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Passengers at Hankou railway station in Wuhan, China, on 22 January 2020, the day before the government locked down the city. 

Xiao Yijiu/Xinhua/Eyevine/Redux

China overhauls its public health bureaucracy

The Chinese government, roundly criticized at home and abroad for its initial response to the COVID-19 pandemic, appears to have taken some lessons from that crisis. On 13 May, it announced an overhaul of its public health bureaucracy, centered on the creation of a new national agency that will report directly to China’s State Council. On paper, at least, the new structure should help bypass the layers of bureaucracy that stymied the timely flow of information from local authorities in Wuhan and Hebei province to top national officials in the early days of the coronavirus outbreak.

The new National Administration of Disease Prevention and Control (NADPC) will be tasked with safeguarding and promoting public health, establishing an epidemic monitoring and early warning system, and guiding disease control research, according to the official Xinhua News Agency. It will absorb the existing Chinese Center for Disease Control and Prevention (China CDC) and will be headed by Wang Heshang, an official at the National Health Commission (NHC) who was dispatched to Hubei last year to direct the governmental response to the outbreak.

“The development is clearly important,” says Keiji Fukuda, an epidemiologist at the University of Hong Kong who previously held several positions at the World Health Organization (WHO). Although Xinhua’s announcement did not link NADPC’s creation to the pandemic failures, “In essence, it is a response to China’s internal assessment of what it needs to do differently to perform better,” Fukuda says. “What is not clear is how this will actually work in practice.”

Through stringent quarantines, contact tracing, and lockdowns, China crushed its COVID-19 epidemic months after it erupted in January 2020. But the country stumbled badly in the early days, as a report issued earlier this month by the international Independent Panel for Pandemic Preparedness and Response has confirmed. Health care workers were warning about a serious, unusual pneumonia spreading among hospital staff in Wuhan as early as 30 December 2019, but local authorities ordered institutions not to disclose information to the public. Whistleblowers were silenced. The first report that scientists had fingered a novel coronavirus came not from authorities, but in a story in The Wall Street Journal. It wasn’t until 20 January 2020 that an NHC delegation led by noted respiratory diseases expert Zhong Nanshan acknowledged that human-to-human transmission was occurring and that health care workers were being infected.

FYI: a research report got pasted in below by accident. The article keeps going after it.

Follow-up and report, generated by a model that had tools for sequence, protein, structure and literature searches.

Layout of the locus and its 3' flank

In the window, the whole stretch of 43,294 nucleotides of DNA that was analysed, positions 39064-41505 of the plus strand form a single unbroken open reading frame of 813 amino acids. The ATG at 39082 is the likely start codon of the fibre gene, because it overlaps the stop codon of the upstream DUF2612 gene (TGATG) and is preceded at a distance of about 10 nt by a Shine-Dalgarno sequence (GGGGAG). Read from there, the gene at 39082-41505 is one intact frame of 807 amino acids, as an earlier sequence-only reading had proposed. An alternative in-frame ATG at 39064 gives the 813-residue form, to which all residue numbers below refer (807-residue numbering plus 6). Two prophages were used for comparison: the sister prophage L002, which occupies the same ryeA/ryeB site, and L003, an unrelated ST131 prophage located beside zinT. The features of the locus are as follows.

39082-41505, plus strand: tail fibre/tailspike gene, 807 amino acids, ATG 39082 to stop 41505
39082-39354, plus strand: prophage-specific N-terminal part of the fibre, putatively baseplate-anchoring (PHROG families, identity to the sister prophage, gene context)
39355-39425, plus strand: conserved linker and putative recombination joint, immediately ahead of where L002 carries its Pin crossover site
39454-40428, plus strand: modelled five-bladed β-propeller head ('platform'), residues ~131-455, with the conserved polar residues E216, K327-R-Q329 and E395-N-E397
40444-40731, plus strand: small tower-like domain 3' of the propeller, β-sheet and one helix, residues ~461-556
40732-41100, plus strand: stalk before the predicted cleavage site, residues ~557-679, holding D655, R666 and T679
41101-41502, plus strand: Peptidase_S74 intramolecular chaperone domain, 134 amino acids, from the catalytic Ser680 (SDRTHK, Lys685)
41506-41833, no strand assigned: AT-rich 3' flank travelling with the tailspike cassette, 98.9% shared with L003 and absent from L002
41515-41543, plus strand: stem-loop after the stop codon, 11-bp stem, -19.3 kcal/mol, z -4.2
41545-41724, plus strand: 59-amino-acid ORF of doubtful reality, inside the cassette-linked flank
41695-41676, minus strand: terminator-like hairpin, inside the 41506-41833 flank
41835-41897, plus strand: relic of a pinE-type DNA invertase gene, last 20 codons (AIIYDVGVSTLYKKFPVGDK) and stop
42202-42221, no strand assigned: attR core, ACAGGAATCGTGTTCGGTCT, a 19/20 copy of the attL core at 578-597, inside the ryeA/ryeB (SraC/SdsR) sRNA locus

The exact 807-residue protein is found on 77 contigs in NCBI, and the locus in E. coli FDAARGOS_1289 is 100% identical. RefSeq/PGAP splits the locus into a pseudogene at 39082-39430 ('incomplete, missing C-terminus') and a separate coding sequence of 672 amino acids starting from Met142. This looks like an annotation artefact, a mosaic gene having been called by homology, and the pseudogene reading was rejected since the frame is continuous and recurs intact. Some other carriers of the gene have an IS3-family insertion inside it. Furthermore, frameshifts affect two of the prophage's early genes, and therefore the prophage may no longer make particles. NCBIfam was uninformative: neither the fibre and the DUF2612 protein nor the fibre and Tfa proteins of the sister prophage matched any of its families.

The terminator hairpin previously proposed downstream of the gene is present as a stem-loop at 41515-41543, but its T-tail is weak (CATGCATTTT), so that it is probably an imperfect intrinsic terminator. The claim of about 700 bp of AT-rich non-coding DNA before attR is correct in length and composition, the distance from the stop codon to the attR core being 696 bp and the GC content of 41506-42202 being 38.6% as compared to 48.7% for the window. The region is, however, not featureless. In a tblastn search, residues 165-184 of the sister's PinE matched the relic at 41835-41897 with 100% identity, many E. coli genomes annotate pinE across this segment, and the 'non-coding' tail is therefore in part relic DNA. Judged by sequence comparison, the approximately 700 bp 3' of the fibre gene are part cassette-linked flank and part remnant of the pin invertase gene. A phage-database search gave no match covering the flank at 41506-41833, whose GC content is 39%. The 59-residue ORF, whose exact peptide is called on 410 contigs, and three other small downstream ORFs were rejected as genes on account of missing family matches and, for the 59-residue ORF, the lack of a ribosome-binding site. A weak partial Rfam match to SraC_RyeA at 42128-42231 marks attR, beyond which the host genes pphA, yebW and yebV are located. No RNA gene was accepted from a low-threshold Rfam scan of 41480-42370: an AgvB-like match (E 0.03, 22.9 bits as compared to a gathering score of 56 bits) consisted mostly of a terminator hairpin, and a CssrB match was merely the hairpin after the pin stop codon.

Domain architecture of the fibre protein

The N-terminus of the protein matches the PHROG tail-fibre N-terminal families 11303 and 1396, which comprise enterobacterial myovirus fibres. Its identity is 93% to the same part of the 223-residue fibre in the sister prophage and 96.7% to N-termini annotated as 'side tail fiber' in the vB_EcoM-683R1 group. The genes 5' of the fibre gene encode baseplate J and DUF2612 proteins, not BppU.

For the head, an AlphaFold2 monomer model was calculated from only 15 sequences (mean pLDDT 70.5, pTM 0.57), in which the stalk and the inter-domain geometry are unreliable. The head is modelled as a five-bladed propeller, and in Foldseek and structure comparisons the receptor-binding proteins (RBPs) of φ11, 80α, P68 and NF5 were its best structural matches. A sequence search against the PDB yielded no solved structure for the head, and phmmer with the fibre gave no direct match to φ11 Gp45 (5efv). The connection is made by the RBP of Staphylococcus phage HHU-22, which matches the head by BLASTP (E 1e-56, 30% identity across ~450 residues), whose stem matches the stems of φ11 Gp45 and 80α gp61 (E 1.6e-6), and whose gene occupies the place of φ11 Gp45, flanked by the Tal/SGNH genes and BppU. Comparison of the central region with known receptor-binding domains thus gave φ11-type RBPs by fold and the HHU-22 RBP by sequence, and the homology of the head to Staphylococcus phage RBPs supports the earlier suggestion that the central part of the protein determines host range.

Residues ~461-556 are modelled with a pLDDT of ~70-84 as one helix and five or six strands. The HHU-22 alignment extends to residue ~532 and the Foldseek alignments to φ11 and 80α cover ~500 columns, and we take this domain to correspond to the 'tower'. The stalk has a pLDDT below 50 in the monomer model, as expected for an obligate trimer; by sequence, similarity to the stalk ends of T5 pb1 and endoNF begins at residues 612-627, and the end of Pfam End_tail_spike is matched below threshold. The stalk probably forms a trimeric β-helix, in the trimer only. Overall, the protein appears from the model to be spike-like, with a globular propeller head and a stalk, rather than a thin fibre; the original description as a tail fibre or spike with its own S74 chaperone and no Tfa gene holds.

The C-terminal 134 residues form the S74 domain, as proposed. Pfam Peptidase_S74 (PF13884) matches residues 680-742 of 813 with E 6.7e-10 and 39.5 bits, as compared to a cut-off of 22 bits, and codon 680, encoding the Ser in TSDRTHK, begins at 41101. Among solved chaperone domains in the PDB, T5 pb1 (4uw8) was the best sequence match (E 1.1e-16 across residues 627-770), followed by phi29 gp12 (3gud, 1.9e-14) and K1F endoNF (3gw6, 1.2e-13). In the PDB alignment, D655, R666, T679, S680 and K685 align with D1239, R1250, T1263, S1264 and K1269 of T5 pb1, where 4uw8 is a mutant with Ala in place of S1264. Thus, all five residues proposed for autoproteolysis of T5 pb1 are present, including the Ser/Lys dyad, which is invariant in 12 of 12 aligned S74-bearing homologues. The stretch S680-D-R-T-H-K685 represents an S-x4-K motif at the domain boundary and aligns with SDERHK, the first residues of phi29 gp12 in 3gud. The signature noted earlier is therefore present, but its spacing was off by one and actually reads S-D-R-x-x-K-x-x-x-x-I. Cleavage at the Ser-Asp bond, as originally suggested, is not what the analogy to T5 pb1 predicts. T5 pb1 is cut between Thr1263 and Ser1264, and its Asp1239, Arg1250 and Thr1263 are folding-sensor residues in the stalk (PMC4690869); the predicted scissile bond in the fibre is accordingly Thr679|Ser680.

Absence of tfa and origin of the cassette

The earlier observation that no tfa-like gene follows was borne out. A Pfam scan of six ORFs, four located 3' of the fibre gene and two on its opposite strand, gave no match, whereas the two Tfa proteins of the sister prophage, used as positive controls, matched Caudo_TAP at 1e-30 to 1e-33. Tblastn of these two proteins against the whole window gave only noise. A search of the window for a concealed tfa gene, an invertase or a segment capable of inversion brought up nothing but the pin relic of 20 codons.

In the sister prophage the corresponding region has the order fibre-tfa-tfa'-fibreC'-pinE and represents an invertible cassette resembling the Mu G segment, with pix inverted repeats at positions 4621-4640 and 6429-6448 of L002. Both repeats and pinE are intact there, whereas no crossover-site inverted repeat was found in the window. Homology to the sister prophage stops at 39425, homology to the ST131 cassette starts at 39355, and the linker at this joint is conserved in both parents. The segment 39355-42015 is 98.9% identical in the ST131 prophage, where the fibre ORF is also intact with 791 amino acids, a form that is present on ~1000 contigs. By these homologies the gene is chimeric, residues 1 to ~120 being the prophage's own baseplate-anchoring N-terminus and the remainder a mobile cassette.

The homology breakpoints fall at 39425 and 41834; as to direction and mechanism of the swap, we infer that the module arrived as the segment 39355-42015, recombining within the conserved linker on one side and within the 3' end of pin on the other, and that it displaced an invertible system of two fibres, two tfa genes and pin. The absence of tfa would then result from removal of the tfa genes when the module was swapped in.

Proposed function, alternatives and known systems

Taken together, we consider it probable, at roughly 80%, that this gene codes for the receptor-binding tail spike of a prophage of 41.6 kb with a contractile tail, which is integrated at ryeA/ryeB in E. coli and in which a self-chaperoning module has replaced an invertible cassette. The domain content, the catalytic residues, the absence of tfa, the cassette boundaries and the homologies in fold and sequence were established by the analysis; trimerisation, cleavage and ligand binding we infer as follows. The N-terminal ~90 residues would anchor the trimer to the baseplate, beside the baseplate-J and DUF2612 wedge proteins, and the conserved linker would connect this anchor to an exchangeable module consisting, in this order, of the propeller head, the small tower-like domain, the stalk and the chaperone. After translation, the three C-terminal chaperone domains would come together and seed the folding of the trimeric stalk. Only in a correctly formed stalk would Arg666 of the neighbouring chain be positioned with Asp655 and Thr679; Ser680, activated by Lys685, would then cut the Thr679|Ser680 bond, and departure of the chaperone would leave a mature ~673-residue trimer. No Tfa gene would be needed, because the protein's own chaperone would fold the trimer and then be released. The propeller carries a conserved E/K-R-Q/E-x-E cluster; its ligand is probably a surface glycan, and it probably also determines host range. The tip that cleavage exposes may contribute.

“The structure of the Chinese political system creates incentives for lower level officials to conceal and manipulate information,” aided by censorship and the lack of independent media, says Jennifer Pan, a political scientist at Stanford University.

As a result, China missed a chance to better control the outbreak and failed to warn other countries early. When the national government finally got up to speed, it fired local officials deemed responsible. Chinese health experts also began to discuss a new high-level agency that would combine the administrative functions of the existing NHC with the research functions of China CDC, says Yanzhong Huang, a global health specialist at the Council on Foreign Relations in New York City. In a speech last week, Sun Chunlan, a vice premier and member of the Communist Party Politburo, emphasized that the new agency should strengthen its leadership over lower level disease control agencies, according to Xinhua.

It’s not the first time China has tried to make its public health bureaucracy more effective. In 2002, it converted the Chinese Academy of Preventive Medicine into China CDC, modeled on the U.S. Centers for Disease Control and Prevention. Yet in 2003, the country badly botched the outbreak of severe acute respiratory syndrome, another coronavirus disease, by failing to respond quickly and initially withholding information from the public and WHO.

Additional reforms after that episode did not overcome the structural issues, Pan says. China CDC remained “bedeviled by a lack of funding and autonomy,” Huang adds. Local officials blocked reports of unusual disease cases from reaching the agency, which was not authorized to issue alerts about looming public health emergencies, he says.

The Xinhua report does not mention what will happen to China CDC, but the agency’s head, George Gao, confirmed to Science that it will be under the new agency, without giving further details. NADPC is still technically affiliated with NHC, and its mission and authority “remain not very clear,” Huang says. But if NADPC gets sufficient resources and authority, he says, China might be better prepared for the next disease crisis.